Category Archives: anarcho noir

AC/DC’s “It’s A Long Way To the Top” gets a ghostly remake from Susanna

Norway’s Susanna covers AC/DC’s “It’s A Long Way To the Top,” and she’s stripped that classic rock anthem to the bone.

Susanna’s delicate singing about “one-night stands,” “gettin’ stoned” and “gettin’ beat up” never sounded more isolating and so beautiful. It’s doubtful her version would ever make rock-and-roll-hungry musicians reconsider that roach motel and dive bar, but it’s fantastic to hear AC/DC’s manly music getting stripped bare.

Listen to Susanna’s version on Soundcloud, performed live from Tomba Emmanuelle, taken from a concert with Morten Qzenild and Helge Sten at Emanuel Vigeland Mausoleum in Oslo, Norway. Susanna is part of Susanna and the Magical Orchestra — their 2005 album “Melody Mountain” reinterpreted songs by Leonard Cohen, Sandy Denny, Kiss, Joy Division’s “Love Will Tear Us Apart” and Depeche Mode.

Susanna has also interpreted songs by Dolly Parton, Thin Lizzy and ABBA.

Listen to “Love Will Tear Us Apart,” and just see if you can easily float back to the original without being changed in some way.

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Filed under anarcho noir, Noir Pop, Synth pop, World Music

UK DIY group Martha is worthy of your attention

The indie-pop band Martha gelled in 2011 in a place called Pity Me — seriously.

Martha- Courting Strong

Looks like this kid, apparently stuck in suburbia, wants to flip you off, no?

Pity Me is a suburban village of Durham, in the North East of England. The Oxford Dictionary of British Names states it’s: “a whimsical name bestowed in the 19th century on a place considered desolate, exposed or difficult to cultivate.” Without touching on its location in England, its so-called misery or its ability to grow tomatoes, the band is giving the tiny town a fresh identity.

Martha’s new album, “Courting Strong,” is loaded with biting punk-rock flavor. In a press release, Martha also credits Scandinavian anarcho noir with helping craft their sound. But while they’ve also been labeled as pop-punk, “Courting Strong” tends to camp out near the indie-DIY style of music.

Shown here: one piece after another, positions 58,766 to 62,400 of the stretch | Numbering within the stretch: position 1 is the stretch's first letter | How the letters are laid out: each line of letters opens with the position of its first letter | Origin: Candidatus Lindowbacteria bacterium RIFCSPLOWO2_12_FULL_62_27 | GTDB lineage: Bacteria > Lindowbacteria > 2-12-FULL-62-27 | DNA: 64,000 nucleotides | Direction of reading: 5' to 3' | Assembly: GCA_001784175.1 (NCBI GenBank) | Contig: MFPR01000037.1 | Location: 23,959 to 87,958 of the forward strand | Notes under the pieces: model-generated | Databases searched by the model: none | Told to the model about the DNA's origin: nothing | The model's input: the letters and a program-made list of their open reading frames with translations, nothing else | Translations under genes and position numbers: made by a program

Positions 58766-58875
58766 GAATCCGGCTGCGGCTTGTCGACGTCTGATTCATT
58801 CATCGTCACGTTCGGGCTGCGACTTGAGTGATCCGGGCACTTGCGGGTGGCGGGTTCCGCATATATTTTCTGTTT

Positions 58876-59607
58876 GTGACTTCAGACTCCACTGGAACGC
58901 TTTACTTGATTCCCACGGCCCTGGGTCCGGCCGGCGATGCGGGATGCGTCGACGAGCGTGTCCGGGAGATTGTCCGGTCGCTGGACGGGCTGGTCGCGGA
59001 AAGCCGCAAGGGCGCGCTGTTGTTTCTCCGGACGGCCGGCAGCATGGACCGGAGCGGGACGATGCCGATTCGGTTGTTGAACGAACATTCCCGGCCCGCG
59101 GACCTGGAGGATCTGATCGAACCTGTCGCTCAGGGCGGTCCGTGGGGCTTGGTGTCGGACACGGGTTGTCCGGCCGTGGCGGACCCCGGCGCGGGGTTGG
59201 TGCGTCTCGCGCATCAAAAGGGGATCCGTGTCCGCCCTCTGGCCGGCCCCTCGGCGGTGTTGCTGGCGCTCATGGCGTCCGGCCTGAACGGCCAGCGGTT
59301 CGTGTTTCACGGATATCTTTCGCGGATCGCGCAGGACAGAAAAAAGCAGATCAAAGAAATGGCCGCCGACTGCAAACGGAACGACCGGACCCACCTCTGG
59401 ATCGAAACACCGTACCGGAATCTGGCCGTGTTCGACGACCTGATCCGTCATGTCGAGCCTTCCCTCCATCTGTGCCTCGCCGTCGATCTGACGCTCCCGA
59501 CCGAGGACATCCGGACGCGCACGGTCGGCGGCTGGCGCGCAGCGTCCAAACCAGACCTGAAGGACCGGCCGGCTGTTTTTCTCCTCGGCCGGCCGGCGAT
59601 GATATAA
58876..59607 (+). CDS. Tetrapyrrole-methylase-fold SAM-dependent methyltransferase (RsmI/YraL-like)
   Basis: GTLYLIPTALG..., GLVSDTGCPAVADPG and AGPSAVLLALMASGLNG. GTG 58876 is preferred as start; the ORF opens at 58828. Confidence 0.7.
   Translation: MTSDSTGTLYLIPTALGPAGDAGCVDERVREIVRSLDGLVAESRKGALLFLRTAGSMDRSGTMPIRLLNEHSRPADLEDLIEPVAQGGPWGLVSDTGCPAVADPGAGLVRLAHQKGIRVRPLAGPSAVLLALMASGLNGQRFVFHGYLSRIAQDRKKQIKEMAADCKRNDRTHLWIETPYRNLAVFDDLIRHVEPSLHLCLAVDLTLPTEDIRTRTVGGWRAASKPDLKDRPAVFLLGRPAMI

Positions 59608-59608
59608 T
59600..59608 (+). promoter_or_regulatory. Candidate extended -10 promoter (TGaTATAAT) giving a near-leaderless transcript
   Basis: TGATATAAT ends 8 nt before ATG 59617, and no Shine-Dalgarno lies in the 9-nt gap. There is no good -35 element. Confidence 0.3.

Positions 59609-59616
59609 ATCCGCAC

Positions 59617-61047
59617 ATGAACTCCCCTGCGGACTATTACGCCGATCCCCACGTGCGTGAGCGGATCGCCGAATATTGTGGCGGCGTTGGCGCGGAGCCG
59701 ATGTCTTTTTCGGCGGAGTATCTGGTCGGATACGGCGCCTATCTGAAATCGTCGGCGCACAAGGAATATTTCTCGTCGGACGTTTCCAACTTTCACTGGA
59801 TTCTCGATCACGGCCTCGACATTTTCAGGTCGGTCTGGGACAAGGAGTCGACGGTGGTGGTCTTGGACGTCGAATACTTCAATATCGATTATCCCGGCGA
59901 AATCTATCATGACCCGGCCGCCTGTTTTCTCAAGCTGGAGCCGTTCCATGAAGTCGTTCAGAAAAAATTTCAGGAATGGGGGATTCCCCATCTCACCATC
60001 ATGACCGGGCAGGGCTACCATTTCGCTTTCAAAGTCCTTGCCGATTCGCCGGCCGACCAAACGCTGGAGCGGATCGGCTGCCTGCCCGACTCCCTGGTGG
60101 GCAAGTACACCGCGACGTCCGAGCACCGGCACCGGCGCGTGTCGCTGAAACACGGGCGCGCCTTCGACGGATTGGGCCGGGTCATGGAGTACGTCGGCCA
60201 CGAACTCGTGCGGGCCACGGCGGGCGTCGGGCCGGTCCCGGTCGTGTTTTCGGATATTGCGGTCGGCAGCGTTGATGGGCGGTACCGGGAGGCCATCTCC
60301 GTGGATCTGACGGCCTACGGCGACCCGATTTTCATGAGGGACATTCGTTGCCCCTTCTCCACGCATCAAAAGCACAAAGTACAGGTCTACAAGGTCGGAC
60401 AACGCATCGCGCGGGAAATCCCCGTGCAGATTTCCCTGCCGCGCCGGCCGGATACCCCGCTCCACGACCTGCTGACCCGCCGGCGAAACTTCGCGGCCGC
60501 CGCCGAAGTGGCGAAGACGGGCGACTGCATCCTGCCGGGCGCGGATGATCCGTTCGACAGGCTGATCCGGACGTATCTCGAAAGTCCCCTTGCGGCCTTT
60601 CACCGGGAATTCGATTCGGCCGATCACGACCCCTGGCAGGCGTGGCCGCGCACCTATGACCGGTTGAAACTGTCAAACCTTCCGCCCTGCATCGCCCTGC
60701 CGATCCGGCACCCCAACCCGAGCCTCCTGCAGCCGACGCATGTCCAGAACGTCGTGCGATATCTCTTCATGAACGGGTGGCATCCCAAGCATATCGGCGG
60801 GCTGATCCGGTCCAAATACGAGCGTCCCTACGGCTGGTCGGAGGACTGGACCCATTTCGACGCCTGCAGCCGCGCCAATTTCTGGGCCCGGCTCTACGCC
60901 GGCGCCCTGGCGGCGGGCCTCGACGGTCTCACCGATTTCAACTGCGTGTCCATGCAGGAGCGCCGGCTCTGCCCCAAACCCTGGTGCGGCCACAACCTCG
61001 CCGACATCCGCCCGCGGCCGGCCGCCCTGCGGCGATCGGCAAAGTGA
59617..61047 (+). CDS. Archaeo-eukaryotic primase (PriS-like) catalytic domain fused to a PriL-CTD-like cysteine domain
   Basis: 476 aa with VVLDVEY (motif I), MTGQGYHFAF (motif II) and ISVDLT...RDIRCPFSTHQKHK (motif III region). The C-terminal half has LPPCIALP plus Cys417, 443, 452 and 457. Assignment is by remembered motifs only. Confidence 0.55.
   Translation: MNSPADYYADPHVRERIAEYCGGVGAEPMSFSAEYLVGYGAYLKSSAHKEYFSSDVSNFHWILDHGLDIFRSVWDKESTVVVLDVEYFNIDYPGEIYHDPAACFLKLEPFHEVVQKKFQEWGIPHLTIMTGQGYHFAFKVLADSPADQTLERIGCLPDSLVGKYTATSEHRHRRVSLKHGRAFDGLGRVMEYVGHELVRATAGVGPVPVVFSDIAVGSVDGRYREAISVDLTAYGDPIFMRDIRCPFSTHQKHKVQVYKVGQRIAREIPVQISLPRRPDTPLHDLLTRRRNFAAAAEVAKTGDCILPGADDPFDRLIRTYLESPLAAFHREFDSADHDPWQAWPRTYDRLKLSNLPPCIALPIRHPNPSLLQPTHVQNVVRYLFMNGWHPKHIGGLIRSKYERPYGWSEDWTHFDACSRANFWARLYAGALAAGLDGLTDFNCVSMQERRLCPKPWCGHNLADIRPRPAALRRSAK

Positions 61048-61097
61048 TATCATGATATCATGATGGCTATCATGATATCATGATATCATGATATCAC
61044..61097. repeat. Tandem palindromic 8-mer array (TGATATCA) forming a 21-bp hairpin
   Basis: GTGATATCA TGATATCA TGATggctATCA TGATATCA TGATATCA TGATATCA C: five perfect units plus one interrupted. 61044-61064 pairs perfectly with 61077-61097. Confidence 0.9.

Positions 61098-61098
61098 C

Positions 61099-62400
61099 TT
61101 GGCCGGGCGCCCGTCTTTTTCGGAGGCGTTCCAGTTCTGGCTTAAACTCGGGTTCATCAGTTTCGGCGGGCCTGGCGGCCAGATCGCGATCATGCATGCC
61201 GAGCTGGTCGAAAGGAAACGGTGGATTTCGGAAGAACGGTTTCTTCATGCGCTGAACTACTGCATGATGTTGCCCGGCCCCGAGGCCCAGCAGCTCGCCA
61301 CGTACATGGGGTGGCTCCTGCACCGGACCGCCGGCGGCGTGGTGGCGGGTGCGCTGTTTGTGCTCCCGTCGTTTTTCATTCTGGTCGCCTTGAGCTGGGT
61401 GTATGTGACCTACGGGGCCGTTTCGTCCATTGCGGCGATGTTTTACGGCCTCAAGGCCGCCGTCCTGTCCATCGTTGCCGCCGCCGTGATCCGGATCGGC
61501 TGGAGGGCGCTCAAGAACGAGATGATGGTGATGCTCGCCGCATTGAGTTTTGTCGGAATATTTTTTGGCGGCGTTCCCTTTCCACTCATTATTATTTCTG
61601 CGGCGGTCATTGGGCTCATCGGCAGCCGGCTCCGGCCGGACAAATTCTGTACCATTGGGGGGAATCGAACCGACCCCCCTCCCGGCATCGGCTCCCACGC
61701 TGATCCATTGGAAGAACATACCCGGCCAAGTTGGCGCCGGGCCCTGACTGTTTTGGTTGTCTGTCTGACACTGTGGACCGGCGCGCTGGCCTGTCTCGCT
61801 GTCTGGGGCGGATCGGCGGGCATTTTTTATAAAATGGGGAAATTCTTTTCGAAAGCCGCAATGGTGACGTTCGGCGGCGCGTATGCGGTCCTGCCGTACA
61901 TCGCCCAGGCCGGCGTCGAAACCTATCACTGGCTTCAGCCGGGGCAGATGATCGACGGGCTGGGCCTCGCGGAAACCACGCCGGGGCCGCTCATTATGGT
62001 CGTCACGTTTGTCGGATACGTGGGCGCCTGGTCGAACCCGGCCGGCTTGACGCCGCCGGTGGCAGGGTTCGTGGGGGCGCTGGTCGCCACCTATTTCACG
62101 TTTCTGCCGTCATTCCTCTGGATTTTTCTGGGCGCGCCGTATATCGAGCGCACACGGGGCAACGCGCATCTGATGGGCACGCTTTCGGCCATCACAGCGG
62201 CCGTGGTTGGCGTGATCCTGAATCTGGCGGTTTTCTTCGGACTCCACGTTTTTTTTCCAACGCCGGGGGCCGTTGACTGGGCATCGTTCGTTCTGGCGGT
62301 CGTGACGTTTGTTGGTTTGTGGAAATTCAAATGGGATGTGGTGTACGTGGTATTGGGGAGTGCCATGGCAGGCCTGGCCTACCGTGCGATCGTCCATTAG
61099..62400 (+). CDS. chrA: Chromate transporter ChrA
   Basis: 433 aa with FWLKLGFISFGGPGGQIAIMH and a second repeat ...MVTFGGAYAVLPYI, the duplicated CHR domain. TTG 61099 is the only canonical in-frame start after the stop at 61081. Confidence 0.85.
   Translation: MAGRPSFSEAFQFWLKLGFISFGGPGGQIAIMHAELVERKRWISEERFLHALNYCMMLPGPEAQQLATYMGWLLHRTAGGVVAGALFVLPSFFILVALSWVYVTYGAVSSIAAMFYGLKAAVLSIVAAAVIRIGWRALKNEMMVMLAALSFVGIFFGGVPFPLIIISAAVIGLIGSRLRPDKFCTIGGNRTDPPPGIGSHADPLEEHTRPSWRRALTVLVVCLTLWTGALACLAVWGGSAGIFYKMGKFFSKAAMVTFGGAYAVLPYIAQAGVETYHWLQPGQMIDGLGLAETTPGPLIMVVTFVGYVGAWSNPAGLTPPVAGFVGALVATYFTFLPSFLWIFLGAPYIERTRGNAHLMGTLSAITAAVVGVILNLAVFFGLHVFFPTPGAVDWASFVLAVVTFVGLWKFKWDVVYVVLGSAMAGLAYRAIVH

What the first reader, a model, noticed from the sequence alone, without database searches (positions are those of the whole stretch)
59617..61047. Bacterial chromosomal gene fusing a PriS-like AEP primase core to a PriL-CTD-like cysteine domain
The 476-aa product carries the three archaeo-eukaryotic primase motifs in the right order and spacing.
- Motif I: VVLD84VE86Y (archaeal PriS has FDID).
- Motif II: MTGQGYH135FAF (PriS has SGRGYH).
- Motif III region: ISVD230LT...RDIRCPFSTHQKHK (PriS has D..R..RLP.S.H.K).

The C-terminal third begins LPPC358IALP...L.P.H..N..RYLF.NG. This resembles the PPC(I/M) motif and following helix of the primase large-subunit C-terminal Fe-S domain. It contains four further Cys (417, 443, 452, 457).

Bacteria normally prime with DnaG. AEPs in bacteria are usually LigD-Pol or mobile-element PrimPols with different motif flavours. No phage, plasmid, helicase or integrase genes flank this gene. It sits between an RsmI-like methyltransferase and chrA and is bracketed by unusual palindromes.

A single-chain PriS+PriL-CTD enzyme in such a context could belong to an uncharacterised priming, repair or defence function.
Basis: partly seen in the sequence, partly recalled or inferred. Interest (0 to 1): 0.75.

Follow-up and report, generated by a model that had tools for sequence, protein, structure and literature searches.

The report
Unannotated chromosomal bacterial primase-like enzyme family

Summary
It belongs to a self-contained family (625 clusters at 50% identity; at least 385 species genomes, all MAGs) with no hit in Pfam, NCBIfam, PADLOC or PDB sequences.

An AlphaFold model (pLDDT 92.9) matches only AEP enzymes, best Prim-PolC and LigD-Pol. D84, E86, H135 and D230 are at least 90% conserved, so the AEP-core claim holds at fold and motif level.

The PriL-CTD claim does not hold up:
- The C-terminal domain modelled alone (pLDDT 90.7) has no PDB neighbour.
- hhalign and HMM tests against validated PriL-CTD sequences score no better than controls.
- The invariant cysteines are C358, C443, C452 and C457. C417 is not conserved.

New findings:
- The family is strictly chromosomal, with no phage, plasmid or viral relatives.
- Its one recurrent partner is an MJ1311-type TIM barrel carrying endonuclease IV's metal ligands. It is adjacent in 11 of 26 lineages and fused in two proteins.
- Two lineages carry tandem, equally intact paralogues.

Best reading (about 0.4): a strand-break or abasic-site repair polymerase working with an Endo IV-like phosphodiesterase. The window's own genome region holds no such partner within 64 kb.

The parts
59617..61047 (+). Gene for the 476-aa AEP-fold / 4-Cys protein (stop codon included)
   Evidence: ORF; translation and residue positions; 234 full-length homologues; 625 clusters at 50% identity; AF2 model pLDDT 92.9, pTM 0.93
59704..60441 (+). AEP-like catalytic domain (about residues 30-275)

There’s no one named Martha– just Naomi Griffin on bass and vocals, her brother, Nathan Griffin, on drums and vocals, J. Cairns on guitar and vocals, and Daniel Ellis on guitars and vocals. According to the press release, the moniker appears to be attributed to the name of the last Passenger pigeon.

martha1_web

Martha is a UK foursome; not at all to be pitied.

It’s got quick hits of punk tales and visceral titles like “Gin and Listerine,” “Bubble in my Bloodstream” and “Dust, Juice, Bones & Hair,” which doesn’t sound as grave as you might think. Heavy bass hooks tangle with bright guitar; the drummer lends a solid presence throughout. All four members offer vocals that eagerly intertwine.

The band offers the right mix of youthful exuberance while adding that necessary touch of boredom, of people frantic to just get out and start life. According to Nathan, “the overarching theme of the album is growing up weird.” Isn’t that how most teens feel anyway?

The title “Courting Strong” is from the song “Gin and Listerine” and can sometimes describe the stage where couples start to get really serious.

Their first single is “1997, Passing in the Hallway,” and relinquishes the days of young love swirling among boring subjects at study hall.

“I’ve been so anemic since you broke the double helix in my heart,” sings Naomi, later adding, “I promise that I’m worthy of your attention, after school, there’s a pub across the street…” Its infectious jumpy chorus is a snug fit for small venues packed with sweaty teens.

According to BrooklynVegan.com, the band will play at Cake Shop May 29 as part of  NYC Popfest. Visit their website to get a cool download of music from the 2013 Popfest.

When so many bands these days meet up, record, then lose the spark, Martha has a chemistry and cohesiveness that brings the glowing promise of longevity.

“Courting Strong”  is due out May 26 on Fortuna Pop! records. Listen to “1997, Passing in the Hallway.”

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Filed under anarcho noir, DIY, Indie, News, Punk, Punk-rock, Review